Propagate Tomato Plants by Layering
If you carried tomato plants through the summer, try the layering method to start fresh plants. Bury a section of a long stem with garden soil, allowing the tip of the stem to remain above ground. Tomatoes are capable of rooting along their entire stem. Within two weeks or so, there should be a new rooted vine and if the mother plant is worn out from the summer's heat, it can be removed.
Avoid Hitchhiking Insects
Before purchasing plants for fall planting, examine the undersides of foliage for common pests such as mites and whiteflies. Avoid leaves that are tattered (sign of chewing insects) or have yellow pinpricks called stippling (sign of sucking insects).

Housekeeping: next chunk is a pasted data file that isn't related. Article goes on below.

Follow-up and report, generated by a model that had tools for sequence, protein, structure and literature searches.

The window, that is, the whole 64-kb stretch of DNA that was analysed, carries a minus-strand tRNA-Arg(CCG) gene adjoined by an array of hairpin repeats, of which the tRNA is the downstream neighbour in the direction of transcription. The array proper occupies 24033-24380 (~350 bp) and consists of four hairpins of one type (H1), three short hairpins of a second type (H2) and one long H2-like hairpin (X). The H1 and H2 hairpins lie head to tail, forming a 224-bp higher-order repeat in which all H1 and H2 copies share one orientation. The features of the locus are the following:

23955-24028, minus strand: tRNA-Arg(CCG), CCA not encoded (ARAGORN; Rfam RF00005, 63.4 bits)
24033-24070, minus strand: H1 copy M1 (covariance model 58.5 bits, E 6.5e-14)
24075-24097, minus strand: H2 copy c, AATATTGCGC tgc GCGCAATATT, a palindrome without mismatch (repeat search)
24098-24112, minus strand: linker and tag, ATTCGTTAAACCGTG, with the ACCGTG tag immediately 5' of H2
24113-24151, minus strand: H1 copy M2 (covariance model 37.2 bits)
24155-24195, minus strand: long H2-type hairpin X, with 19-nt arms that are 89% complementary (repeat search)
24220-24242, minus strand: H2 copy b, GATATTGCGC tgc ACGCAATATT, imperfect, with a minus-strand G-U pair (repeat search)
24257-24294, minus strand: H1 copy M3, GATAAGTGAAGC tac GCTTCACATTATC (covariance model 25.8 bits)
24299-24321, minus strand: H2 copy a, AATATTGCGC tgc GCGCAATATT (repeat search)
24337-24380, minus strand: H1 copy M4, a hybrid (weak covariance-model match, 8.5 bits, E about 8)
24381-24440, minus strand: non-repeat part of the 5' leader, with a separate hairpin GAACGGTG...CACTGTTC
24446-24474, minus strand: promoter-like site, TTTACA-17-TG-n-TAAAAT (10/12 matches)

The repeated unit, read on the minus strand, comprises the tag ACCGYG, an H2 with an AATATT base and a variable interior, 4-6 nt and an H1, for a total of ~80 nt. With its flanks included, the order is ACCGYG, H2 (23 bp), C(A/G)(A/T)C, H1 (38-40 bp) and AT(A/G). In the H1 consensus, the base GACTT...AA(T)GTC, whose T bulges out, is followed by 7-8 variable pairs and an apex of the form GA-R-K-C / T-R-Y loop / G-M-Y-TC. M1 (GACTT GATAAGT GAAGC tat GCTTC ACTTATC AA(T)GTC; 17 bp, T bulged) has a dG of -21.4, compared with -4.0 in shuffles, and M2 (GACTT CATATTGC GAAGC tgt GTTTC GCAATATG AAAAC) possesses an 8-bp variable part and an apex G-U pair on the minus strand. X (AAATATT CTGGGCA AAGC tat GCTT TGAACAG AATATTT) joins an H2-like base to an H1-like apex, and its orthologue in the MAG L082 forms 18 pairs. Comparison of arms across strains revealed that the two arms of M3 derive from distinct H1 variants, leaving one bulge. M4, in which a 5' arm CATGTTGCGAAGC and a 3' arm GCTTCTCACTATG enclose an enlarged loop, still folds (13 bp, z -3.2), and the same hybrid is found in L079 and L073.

If you have not already done so, feed citrus immediately with the third and final application of nitrogen for the year. Don't delay. Fertilizing later in the year promotes a flush of tender new growth that is susceptible to frost damage.
Every two to three weeks, sow a small amount of your favorite cool-season veggies such as root crops, salad greens, peas, and cabbage family members (broccoli, Brussels sprouts, cauliflower). Called succession sowing, this method provides you with an ongoing harvest of tender veggies through fall, winter, and early spring.
Use Grass Clippings
When mowing the lawn, allow clippings to remain on the grass. Their small size and high moisture content will help them decompose quickly, returning their nitrogen content to the lawn, and reducing the need for fertilizer by 25 percent.